If you think you know how to complain about airports, just listen to Benjamin Bratton’s beatnik spoken-word fugue of polysyllables. “The airport is where the birth pangs of the Stack, the armature of planetary computation, are felt most viscerally,” the philosopher said at a fancy conference on airport architecture in Los Angeles a few weeks back. “Long ago, the ceremonial interface to the city may have been a gateway or bridge…. Now the airport is the interface to the city and nation-state.”
It’s an entry point marked by “the flattening affectless provisionality of boarding-lounge culture” and “that omnipresent media-and-candy matrix” built inside “this critical cohabitation of security and entertainment…. It is where police deep-scan your person while blending you a delicious smoothie, without irony or affect.”
Or as a two-bit standup comic might say: Airports, right? I mean.
But seriously, folks. As cities from Singapore to Los Angeles to Kutaisi, Georgia, are building more and bigger terminals for more and more money, the vexing problem of airports, how do they work even has taken on a new character. Designers, architects, urbanists, artists, security specialists, logistics experts, and retail planners have all buckled into the airport-making cockpit, just in time for a full-on identity crisis. It was the common thread connecting the speakers at the Aerial Futures: Leading Edge symposium.
Airports today are supposed to help move people onto and off of planes, but they’re also supposed to retain people for indefinite periods of time and ply them with entertainment—food, shopping, and so on. They’re supposed to be welcoming symbols of nations and cities, but also serve as intentional choke points for the security state. And they’re supposed to evoke the grand symbols of aviation’s golden age for pennies on the dollar.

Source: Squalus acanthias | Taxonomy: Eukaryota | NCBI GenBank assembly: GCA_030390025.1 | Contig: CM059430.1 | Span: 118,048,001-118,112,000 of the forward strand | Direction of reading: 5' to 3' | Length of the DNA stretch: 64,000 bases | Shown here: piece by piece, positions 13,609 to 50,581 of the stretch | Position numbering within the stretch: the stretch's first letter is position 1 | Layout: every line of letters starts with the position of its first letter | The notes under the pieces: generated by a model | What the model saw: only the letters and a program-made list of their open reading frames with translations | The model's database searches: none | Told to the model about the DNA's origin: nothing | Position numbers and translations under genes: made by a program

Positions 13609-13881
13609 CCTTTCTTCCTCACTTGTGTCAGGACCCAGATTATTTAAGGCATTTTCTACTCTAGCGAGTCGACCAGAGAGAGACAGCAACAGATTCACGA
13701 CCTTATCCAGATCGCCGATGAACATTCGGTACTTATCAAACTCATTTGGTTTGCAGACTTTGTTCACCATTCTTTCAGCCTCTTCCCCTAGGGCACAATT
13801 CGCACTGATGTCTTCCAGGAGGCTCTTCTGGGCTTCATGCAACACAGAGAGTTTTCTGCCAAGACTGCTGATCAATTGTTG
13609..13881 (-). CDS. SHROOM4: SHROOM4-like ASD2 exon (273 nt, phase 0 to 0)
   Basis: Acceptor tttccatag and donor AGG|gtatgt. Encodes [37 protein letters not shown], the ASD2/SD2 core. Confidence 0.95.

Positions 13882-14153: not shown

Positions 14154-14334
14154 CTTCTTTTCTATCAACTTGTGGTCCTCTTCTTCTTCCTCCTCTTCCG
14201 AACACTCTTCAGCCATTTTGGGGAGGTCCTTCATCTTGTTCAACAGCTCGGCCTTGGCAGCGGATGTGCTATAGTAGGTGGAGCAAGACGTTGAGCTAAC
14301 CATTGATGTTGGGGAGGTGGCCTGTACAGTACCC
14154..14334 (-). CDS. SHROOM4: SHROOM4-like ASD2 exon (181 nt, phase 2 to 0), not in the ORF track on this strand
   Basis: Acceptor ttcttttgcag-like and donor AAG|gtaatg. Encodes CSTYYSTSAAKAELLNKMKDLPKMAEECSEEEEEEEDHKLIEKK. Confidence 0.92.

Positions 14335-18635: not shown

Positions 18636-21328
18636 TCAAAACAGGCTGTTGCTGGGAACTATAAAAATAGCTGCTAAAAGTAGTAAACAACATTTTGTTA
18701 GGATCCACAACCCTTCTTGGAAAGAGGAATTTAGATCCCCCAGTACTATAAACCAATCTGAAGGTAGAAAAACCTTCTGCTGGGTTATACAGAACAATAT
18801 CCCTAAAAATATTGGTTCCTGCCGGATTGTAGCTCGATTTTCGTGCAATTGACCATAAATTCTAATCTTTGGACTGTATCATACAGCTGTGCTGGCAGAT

See? Identity crisis.
“The airports in the world that are leading-edge, that people find pleasant to fly through and enjoy being at, are places like Incheon in South Korea, Changi in Singapore, Hong Kong International,” says Max Hirsh, an urban theorist at the University of Hong Kong and author of Airport Urbanism, when I call him after the conference. “Those countries recognize that the airport and the airlines are part of their brand.”
And sure, Changi has fun places for kids to hang out, interesting shopping, and is building a 90-foot-tall indoor vortex waterfall. Hong Kong has an Imax theater. These Asian mega-airports even bring in people who aren’t flying anywhere. As Hirsh points out, the side of Singapore where Changi sits doesn’t have much else in the way of large, air-conditioned open space. So of course people get married there.
But what about something home-grown? Like … the relatively new International Terminal in Los Angeles?
Part of the Aerial Futures conference was a tour of the $2.1 billion terminal, which opened in 2015. That included the steel skeleton of its $1.6 billion extension on the other side of the tarmac; a long tunnel will connect it to the existing bit. (Under-tarmac tunnels have long been a way for airports to distinguish themselves; O’Hare’s is the colorful classic.)